Accessibility statement

Dr Ruth Kelly



Ruth Kelly is a lecturer in human rights, based at the Centre for Applied Human Rights. She is also on the board of Elect Her - a multi-partisan organisation working to motivate, support and equip women in all their diversity to stand for political office in Britain. 

Ruth’s research is on cultural politics, human rights and social justice – looking at how inventive storytelling and other familiar cultural practices can help activists reimagine justice and negotiate citizenship. Since 2016 she has been working with artists and activists from Bangladesh and Uganda to explore the links between visual and performance art, activism, and the political imagination. During that time she has also supported programmes of peer-learning for human rights leaders and activists at risk.

Before taking up her post at York in 2022, Ruth held a post-doctoral fellowship at the Bonavero Institute of Human Rights at Oxford, supporting the Symposium on Strength and Solidarity for Human Rights. She has also held a fellowship at Yale University and a lectureship in Politics at the University of Durham. She has a background in law and politics, with a PhD in Politics from York, an LLM from Cambridge and an LLB from Trinity College, Dublin.

She has previously served as Chair of the Electoral Reform Society, and worked with ActionAid, Oxfam, UNDP and the European Commission.



Ruth’s current research includes the development of a monograph on storytelling, human rights and the political imagination. Drawing on storytelling traditions from Ireland and Uganda, this shows how stories have been used and can be used to negotiate social and political change. It discusses the hero stories that are often dominant in human rights practice; as well as shapeshifter stories and solidarity; and origin stories, agency and citizenship. This research draws on insights from participatory arts-based research with activists and artists - for example, using the story of Red Riding Hood as a springboard to explore parallels and disjunctures between Irish and Ugandan storytelling traditions and perspectives on women's rights and sexuality. As part of this work, she is learning from activists about the ideas and habits that shape, motivate, and sometimes limit their work.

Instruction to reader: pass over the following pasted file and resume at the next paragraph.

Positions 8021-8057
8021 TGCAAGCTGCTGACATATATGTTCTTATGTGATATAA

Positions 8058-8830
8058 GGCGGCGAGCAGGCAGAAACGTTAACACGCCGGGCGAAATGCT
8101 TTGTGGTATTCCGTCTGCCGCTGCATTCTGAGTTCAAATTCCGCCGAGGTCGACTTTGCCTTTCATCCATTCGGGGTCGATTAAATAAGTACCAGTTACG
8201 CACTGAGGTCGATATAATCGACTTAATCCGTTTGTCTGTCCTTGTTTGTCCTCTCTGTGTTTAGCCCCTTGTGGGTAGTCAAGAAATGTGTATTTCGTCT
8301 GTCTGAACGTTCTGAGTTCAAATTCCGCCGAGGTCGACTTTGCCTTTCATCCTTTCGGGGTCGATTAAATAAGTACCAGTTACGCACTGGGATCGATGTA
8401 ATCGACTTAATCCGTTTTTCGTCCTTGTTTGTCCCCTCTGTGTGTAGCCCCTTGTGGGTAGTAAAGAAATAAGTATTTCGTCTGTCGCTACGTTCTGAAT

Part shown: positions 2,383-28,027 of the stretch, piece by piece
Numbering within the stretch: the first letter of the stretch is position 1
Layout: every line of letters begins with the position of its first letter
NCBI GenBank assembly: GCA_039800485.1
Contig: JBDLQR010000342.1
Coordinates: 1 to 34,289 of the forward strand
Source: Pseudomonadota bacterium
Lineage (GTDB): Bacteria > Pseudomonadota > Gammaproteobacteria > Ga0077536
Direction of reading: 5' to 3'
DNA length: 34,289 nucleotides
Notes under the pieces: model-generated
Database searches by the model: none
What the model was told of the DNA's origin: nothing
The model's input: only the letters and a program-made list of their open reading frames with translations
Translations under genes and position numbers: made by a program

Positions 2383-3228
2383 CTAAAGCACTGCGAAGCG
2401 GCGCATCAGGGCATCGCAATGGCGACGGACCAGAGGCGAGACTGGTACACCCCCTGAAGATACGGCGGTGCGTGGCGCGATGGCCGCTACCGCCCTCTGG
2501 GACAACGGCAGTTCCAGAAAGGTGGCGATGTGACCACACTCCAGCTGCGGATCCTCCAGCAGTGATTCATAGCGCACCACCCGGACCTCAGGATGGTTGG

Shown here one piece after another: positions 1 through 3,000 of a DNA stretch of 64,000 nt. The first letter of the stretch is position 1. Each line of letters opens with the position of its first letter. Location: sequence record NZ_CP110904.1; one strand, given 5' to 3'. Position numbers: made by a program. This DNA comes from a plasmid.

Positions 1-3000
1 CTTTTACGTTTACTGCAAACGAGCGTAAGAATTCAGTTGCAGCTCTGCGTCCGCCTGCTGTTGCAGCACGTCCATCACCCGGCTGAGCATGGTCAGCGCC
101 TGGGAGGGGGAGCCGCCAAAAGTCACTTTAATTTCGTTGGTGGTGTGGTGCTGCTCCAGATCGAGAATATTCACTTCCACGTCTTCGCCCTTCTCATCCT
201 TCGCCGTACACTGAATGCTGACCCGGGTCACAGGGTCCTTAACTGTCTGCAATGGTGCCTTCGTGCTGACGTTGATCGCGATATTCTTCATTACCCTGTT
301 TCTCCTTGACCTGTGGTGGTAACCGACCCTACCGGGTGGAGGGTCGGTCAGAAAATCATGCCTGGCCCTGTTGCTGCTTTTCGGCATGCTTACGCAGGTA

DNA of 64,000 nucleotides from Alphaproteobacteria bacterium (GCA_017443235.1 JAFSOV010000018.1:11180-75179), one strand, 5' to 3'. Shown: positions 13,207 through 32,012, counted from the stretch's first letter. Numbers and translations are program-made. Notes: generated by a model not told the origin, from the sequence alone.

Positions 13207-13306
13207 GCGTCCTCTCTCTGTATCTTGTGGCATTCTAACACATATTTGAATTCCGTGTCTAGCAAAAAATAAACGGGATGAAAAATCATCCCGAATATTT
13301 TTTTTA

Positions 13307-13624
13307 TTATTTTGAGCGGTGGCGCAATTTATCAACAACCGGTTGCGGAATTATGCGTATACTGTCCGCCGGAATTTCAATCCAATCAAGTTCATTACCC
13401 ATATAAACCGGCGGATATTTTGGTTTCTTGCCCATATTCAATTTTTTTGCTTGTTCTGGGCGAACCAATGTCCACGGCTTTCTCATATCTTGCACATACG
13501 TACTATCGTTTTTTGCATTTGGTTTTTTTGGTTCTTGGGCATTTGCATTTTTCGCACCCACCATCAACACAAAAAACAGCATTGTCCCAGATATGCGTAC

Ruth is now developing a new project looking at citizenship practices, cultural politics, and utopian traditions in Bangladesh, Ireland, Mexico and Uganda. This project will reflect on how different cultural traditions are implicated in imagining and performing the nation, and how these and other cultural resources are engaged in human rights and feminist activism. She is particularly interested in how human rights activists sustain their activism over time.

She also has interests in the political cultures of human rights and development work, the politics of language, and religious practice and human rights.

Ruth is interested in supervising doctoral projects in any of these areas and has a particular interest in working with candidates with previous experience of working in the human rights, social justice and international development sectors.



Selected publications


Contact details

Dr Ruth Kelly
Centre for Applied Human Rights
University of York
YO10 5DD

Feedback and Guidance hours this semester:  Tuesdays 16:00-17:00 and Wednesdays 12:00-13:00 (book an online appointment)